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Exposing the Impact of Curriculum and Book Bans: Education for the Public and Not the Few

The freedom to read is under assault in the United States – particularly in public schools – curtailing students’ freedom to explore words, ideas, and books, as well as to engage in a full and accurate civics education in the classroom. In the 2022-23 school year, from July 1, 2022, to June 30, 2023, PEN America recorded 3,362 instances of book bans in US public school classrooms and libraries. These bans removed student access to 1,557 unique book titles, the works of over 1,480 authors, illustrators, and translators. Authors whose books are targeted for banning are disproportionately female, LGBTQ+, and/or Black, Indigenous or of color.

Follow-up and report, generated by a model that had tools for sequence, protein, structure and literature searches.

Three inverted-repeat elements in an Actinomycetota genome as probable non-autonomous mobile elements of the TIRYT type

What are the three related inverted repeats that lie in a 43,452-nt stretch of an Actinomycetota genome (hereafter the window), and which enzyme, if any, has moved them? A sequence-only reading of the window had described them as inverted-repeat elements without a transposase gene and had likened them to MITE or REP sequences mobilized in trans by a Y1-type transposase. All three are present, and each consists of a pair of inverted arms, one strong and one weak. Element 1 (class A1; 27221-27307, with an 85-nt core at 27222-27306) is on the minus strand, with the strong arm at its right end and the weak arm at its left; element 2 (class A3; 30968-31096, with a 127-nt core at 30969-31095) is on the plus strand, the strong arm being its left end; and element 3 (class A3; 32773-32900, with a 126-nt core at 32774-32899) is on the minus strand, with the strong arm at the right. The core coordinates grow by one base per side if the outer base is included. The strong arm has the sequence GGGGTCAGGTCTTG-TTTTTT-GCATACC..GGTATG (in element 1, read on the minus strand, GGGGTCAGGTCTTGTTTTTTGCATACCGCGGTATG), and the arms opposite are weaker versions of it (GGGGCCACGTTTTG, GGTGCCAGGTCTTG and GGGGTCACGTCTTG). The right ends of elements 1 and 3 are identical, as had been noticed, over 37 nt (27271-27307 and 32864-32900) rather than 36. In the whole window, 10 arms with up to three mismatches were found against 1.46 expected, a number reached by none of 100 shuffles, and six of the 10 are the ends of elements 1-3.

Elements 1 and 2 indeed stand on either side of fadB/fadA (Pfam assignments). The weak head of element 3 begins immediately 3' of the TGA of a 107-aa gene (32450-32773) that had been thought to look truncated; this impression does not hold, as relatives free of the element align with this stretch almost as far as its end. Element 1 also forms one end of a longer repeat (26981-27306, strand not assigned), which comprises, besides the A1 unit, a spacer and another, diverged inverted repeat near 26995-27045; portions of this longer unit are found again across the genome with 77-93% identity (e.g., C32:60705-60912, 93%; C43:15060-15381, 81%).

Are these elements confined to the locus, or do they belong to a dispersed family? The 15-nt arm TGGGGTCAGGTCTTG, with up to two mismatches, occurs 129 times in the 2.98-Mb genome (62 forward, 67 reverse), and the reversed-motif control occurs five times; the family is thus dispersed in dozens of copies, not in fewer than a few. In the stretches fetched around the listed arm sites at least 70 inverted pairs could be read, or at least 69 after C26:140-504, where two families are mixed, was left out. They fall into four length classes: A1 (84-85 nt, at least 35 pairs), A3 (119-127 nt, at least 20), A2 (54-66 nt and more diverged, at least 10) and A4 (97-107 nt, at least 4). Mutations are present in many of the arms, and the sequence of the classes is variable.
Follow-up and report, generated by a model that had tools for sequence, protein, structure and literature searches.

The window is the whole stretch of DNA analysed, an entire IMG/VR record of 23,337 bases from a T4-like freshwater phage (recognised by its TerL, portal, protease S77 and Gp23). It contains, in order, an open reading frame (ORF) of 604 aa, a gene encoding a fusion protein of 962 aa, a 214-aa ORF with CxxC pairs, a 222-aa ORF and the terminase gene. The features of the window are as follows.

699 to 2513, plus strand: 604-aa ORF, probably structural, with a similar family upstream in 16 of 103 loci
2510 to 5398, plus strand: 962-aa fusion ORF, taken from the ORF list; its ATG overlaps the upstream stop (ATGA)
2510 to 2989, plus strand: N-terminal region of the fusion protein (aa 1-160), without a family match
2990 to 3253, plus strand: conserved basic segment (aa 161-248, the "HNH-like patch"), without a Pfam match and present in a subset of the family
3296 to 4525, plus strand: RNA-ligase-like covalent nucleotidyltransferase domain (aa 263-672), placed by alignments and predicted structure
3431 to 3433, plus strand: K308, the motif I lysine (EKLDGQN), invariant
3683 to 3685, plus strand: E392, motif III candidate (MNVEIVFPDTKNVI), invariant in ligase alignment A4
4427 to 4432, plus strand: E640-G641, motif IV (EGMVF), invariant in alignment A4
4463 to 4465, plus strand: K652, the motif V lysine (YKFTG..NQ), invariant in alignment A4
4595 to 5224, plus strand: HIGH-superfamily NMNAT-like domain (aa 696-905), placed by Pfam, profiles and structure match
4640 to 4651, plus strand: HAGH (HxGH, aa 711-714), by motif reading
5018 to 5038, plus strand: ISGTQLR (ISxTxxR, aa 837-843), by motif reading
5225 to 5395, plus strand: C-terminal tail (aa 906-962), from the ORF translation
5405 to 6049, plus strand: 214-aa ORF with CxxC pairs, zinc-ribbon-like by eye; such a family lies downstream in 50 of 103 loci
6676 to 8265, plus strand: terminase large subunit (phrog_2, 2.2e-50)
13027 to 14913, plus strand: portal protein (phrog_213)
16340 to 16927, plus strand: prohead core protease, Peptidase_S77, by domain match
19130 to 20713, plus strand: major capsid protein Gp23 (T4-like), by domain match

Kasey Meehan of PEN America will provide an overview of the rise in book bans in the U.S., followed by a panel discussion on the harmful effects of book bans and curriculum limitations and what role the law can play in combating them. Moderated by PEN America’s Legal Fellow, Elly Brinkley.



  • Robert S. Chang – Executive Director, Fred T. Korematsu Center for Law and Equality, and Professor of Law, Seattle University School of Law
  • Kasey Meehan – Program Director, Freedom to Read, PEN America
  • Matt Nosanchuk – Deputy Assistant Secretary, U.S. Department of Education Office for Civil Rights
  • Cameron Samuels – Executive Director, Students Engaged in Advancing Texas (SEAT)
  • Elly Brinkley (Moderator) – Legal Fellow, U.S. Free Expression Programs, PEN America